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4/14/2015Assoc. Prof. Stoyan Bonev27 Friends for functional notation Distance d1(5, 7.8), d2, d3; d2 = d1.square();d3 = square(d1); OOP3f.cppOOP3g.cpp

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4/14/2015Assoc. Prof. Stoyan Bonev28 Friend classes The member functions of a class can all be made friend at the same time when you make the entire class a friend. class alpha { private: int data1; public: alpha() { data1 = 99; } friend class beta; }; class beta { public: void f1(alpha a){ cout << a.data1; } }; void main() { alpha a; beta b; b.f1(a); }

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29 More on OOP Friend Functions Friend Functions in VBasic Friend Functions in C# Friend Functions in Java

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30 VBasic: file oopFriend.vb Friend qualifier specifies that one or more declared programming elements are accessible only from within the assembly that contains their declaration. In many cases, you want programming elements such as classes and structures to be used by the entire assembly, not only by the component that declares them. However, you might not want them to be accessible by code outside the assembly (for example, if the application is proprietary). If you want to limit access to an element in this way, you can declare it by using the Friend modifier. Friend access is often the preferred level for an application's programming elements, and Friend is the default access level of an interface, a module, a class, or a structure.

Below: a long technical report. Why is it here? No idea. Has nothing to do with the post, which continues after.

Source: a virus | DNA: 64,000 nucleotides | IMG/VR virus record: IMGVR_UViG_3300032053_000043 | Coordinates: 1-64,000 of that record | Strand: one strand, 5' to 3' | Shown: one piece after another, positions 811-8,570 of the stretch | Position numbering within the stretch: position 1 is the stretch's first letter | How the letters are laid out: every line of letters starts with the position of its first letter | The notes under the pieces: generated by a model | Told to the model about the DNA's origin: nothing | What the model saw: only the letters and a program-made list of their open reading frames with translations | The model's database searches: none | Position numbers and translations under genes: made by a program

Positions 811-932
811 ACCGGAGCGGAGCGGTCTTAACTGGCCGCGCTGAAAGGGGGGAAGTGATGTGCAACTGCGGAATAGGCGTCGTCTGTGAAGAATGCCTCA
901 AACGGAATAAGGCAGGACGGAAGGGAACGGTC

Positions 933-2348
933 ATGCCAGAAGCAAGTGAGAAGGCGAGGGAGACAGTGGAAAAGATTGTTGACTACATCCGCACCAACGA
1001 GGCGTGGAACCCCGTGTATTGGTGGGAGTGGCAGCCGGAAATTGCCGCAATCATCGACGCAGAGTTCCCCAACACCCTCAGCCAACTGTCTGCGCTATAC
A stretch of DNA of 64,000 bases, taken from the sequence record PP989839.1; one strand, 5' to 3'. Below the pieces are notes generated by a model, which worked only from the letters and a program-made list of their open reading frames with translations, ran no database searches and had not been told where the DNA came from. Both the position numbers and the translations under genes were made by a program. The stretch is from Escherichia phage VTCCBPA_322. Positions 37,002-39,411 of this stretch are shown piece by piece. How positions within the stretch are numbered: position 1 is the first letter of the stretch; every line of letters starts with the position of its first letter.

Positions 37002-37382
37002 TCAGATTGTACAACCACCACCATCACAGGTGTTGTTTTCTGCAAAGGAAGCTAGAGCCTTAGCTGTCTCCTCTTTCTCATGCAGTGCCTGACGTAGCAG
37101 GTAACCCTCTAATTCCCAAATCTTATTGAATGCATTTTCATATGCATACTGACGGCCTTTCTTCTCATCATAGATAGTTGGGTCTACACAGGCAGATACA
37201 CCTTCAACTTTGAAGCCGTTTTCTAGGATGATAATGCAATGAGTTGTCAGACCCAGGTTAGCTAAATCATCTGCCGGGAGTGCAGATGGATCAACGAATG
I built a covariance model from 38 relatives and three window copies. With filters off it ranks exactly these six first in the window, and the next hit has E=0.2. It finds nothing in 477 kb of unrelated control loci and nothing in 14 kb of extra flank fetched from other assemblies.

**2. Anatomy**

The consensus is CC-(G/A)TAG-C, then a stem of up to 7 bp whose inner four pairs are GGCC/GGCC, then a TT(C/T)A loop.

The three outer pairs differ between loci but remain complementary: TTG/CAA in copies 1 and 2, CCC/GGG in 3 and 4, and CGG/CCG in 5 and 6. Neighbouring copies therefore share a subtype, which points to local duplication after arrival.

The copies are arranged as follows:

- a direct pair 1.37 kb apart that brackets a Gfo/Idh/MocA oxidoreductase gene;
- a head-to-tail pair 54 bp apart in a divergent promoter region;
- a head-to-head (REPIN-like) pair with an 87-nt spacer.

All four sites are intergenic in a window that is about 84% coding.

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31 C#, file oopFriend.cs C# does not support explicitly reserved word Friend. There is no friend function in c# but you can use the `internal` access modifier which will make this class accessible to the other classes in the same assembly, but not accessible outside the assembly. Alternatively you can also use `protected internal` where you restrict access to the current assembly or types derived from the containing class.

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32 Java, file oopFriend.java Java does not support explicitly reserved word Friend. The closest thing Java has to C++ friends is the default access modifier, also known as package-protected or package- private. This allows access to members only from other classes within the same package. This is also the best reason to place classes in the same package, rather than grouping into subpackages based on functionality.

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ISBN 0- 321-49362-1 Chapter 11 Abstract Data Types and Encapsulation Concepts

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Copyright © 2009 Addison-Wesley. All rights reserved.1-34Copyright © 2009 Addison-Wesley. All rights reserved.1-34 Language Examples: C++ (continued) Friend functions or classes - to provide access to private members to some unrelated units or functions –Necessary in C++